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即非如一 Jifei Ruyi (1616-1671)
(Rōmaji:) Sokuhi Nyoitsu
喜多道矩 (長兵衛) Kita Dōku (Chōbei) (active ca. 1657-63), Portrait of Jifei Ruyi.
Left scroll of a triptych with Yinyuan Longqi (1592-1673) and Muan Xingtao (1611-84). Self-eulogy. Seal: “Chō.”
From a set of three hanging scrolls, ink and colours on paper, each 112.5 x 44.9 cm. Kobe City Museum.
喜多元規 Kita Genki (active ca. 1664-1709), Portrait of Jifei Ruyi.
Self-eulogy dated 1671 (first month, fifteenth day). Seal: “Genki.”
Hanging scroll, ink and colours on paper, 208.0 x 93.8 cm. Manpukuji, Kyoto Prefecture.
PDF: A Portrait of an Obaku Monk: The Life and Religion of Jifei Ruyi (1616-1671)
by Aihua Zheng
The University of Arizona, 2009
This study attempts to present a comprehensive study of Jifei Ruyi (J. Sokuhi Nyoitsu, 1616-1671)'s life. Jifei was originally a monk of Wanfusi (J. Manpukuji) at Mount Huangbo, China, and one of Yinyuan Longqi (J. Ingen Ryuki, 1592-1673)'s leading dharma heirs. He contributed as a founding leader of the Wanfusi expatriates to the establishment and consolidation of Manpukuji in the seventeenth century Japan. Chief among his achievements is his introduction of the Chan style and literati cultural activity of the late Ming China (1368-1644). Jifei's syncretic religious practice combined Linji Chan (J. Rinzai Zen) style and elements from other Buddhist denominations, with his Chan modeled mainly on the teachings of Linji Yixuan (d.867). Jifei's filial piety, Confucian kinship and Buddhist sectarian consciousness, and cultural practice of literati ideal reflect his unitary vision of Confucianism and Buddhism, a popular socio-religious trend during the time.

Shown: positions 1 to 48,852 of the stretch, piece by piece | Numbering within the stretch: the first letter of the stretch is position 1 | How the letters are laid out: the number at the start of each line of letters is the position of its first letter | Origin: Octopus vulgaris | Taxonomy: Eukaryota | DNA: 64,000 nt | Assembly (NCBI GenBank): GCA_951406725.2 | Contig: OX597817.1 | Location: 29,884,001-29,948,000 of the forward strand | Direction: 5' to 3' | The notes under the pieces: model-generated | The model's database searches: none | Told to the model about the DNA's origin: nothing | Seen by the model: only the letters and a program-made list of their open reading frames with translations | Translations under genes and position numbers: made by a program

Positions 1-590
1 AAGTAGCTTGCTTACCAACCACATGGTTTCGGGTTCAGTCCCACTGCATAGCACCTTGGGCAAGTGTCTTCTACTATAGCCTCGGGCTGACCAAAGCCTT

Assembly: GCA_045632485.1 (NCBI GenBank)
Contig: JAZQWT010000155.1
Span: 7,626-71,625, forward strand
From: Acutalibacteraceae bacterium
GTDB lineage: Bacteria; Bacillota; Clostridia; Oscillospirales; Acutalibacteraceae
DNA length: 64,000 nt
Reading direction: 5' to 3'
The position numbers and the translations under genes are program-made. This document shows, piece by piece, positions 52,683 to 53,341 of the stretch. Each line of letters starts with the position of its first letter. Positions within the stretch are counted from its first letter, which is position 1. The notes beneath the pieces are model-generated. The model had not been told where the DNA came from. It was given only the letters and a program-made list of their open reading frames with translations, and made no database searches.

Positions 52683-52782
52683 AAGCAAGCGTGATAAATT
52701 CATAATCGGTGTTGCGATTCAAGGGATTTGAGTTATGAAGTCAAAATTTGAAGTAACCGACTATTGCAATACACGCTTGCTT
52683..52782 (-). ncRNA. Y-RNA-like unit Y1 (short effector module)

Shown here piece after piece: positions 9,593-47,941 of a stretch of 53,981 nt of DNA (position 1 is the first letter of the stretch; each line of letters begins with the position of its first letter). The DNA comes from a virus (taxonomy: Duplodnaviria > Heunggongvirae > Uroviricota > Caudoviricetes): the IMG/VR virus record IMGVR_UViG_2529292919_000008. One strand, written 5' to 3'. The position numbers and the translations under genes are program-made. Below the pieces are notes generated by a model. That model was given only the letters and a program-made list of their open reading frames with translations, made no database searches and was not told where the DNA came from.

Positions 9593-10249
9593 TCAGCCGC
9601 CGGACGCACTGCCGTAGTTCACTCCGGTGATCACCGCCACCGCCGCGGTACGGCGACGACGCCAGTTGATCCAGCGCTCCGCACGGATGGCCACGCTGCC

千呆性侒 Qiandai Xing'an / Sengai Shōan (1636-1705)
and Jifei Ruyi / Sokuhi Nyoitsu (1616-1671);
Painting by 喜多元規 Kita Genki (active ca. 1664-1709)